What if demonizing “waterfall” pulled the rug out from under our Agile?
I’ve grown increasingly discontent with the state of Agile, uneasy with how it has shifted from a community of needs and a movement of practitioners to a market of solutions and increasingly focusing on theorizing and commenting on doing rather than doing and helping others do.
We’ve broadened our scope, which is both fantastic and necessary but it also seems like our foundation has withered away.
I’m starting to suspect that we’ve become a yang that has lost its yin.
Oddly enough I find myself missing waterfall.
I’ll let that pour into your mind and settle for a bit.
I don’t miss projects longer than most peoples technical careers, I don’t miss phase based, toll gated, let’s implement the spec, the whole spec and nothing but the spec no matter how dumb it seems. I don’t miss hiding failure until the very last moment and realizing way too late that not only did we go in the wrong direction we did so with the wrong vehicle.
I don’t miss anything about the world of waterfall. Except one thing.
I miss how people who grew up in the shadow of waterfall, had the experience of waterfall.
The experience gave folks the foundation and something to add contrast. For all its faults, inflexibility and folly. Waterfall did by its design give us if not the results we wanted a big enough, concrete enough, hope of what could be, how done could look like and the experience of how plans and reality not really match.
In essence waterfall trained people to see the whole journey and then inadvertently taught them that simply following the plan, isn’t the best plan.
With that experience, changing strategy and inspect and adapting as you go along not only makes intuitive sense because it steers you away from the pain. But you also carry with you a sense of how the destination might look and feel.
The failure of the big gave us the appreciation for the small. Oddly enough it seems likely that starting out with only the small not really equip you nearly as well for taking small steps.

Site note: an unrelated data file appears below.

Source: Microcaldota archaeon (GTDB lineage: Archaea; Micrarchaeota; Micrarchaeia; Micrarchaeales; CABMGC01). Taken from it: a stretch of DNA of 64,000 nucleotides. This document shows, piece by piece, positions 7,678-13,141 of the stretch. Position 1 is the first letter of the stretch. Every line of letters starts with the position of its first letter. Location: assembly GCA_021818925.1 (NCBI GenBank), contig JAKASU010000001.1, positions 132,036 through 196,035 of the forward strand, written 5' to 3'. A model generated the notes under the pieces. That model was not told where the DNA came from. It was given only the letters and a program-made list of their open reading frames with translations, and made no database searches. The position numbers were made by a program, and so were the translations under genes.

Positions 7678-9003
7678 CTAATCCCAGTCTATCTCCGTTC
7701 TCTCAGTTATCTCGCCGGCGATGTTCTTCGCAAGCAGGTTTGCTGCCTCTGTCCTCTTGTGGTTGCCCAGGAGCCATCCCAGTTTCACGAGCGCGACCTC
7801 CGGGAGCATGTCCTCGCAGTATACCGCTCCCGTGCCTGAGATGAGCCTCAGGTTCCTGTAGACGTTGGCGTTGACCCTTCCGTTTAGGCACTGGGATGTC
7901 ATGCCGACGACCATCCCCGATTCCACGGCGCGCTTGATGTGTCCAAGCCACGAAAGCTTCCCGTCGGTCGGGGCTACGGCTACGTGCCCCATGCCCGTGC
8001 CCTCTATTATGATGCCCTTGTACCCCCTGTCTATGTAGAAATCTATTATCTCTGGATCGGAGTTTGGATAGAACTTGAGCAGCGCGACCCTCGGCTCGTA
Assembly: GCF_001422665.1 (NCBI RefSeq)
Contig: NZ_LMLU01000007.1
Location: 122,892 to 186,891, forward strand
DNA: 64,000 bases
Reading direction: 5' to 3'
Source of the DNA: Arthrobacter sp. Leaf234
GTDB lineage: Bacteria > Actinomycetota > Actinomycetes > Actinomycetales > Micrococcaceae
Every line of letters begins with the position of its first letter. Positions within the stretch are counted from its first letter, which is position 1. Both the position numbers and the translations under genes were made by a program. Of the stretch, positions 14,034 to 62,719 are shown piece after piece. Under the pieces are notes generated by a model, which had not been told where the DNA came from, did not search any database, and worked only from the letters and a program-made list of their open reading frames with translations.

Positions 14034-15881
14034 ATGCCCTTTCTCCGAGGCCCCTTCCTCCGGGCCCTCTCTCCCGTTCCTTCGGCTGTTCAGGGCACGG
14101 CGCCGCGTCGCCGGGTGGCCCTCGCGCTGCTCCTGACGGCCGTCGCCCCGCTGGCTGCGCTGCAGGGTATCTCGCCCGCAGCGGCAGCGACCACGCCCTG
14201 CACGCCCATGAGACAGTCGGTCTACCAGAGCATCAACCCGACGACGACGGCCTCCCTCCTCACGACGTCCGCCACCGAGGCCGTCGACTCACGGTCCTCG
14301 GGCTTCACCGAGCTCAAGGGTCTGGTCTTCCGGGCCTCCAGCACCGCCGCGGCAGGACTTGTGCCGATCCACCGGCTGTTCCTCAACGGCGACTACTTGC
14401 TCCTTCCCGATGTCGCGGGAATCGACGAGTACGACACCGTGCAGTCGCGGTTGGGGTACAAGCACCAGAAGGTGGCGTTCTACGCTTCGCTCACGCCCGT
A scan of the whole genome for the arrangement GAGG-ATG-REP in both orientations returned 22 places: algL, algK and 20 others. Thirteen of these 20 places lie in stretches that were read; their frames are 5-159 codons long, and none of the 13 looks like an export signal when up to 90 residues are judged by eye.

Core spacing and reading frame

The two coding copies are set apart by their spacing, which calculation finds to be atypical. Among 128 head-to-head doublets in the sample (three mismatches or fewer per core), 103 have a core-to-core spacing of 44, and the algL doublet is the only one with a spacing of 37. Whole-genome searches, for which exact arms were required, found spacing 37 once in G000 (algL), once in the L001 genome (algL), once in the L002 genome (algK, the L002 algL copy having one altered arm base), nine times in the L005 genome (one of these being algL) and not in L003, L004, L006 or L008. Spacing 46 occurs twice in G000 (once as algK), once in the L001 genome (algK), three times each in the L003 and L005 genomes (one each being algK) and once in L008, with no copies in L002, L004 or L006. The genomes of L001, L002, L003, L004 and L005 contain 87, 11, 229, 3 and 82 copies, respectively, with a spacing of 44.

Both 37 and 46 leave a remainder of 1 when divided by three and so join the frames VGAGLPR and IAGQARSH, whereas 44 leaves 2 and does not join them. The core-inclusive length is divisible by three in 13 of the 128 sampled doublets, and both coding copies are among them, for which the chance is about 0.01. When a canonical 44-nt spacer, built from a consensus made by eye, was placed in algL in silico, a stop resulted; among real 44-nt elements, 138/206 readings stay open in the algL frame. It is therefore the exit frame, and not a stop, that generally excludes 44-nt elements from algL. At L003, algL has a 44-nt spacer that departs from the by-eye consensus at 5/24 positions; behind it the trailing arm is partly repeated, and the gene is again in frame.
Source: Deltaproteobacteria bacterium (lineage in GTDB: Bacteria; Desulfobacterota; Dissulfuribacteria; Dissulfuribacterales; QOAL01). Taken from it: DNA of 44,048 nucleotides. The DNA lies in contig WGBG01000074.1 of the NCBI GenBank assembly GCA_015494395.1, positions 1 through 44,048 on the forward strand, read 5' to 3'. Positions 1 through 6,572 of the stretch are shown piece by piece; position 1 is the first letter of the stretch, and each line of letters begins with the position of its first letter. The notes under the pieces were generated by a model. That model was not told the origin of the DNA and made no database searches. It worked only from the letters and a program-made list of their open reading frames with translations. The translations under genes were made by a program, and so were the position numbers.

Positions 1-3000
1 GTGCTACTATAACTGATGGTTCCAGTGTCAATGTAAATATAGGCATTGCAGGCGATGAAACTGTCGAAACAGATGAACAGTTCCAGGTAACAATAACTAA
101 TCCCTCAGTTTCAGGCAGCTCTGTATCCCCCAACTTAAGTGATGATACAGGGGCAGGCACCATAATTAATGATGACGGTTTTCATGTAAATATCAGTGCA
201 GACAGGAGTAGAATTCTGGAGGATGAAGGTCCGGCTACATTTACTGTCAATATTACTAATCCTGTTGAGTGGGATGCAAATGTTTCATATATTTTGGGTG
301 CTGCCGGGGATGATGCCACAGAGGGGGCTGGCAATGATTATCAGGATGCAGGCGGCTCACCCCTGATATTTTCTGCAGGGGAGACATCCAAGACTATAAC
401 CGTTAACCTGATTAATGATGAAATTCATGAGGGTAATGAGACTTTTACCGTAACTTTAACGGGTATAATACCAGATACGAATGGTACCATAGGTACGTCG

I think this is analogous to how those that already have deep design skills seem to effortlessly TDD themselves along a evolutionary path and finally arriving at something that looks as if it came into being as if designed “just right” from the start.
I think anyone that has witnessed those new to the craft of software attempting the same can safely conclude that it’s no given that those that don’t already know about good design will magically find it simply by writing tests, and guided by smells refactoring the tensions away
to reveal the natural shape of the problem.
Looking at product management and governance I think I glean a similar pattern. For all the weakness of the old ways. Those schooled in them and ready to let go, seem to be able to
work in small increments to piecemeal build up a complete offering that’s both complete and strategically polished. Those unconstrained by legacy seems to much easier fall prey to getting stuck in some local optima.
Thus maybe it’s so, that the basis and success of Agile came not from forgetting the old and staring with a clean sheet. But from building upon the structures, concepts and rigid clarity that came before.
Maybe Waterfall isn’t the antithesis, but the foundation of Agility. Maybe it’s the Shu to our Ha. The Yin for our Yang. The discipline and teacher we needed to find our way. By demonizing it we might have thrown out the very things we needed to progress.
If so, how do we best get the baby back without also drowning in the old bathwater?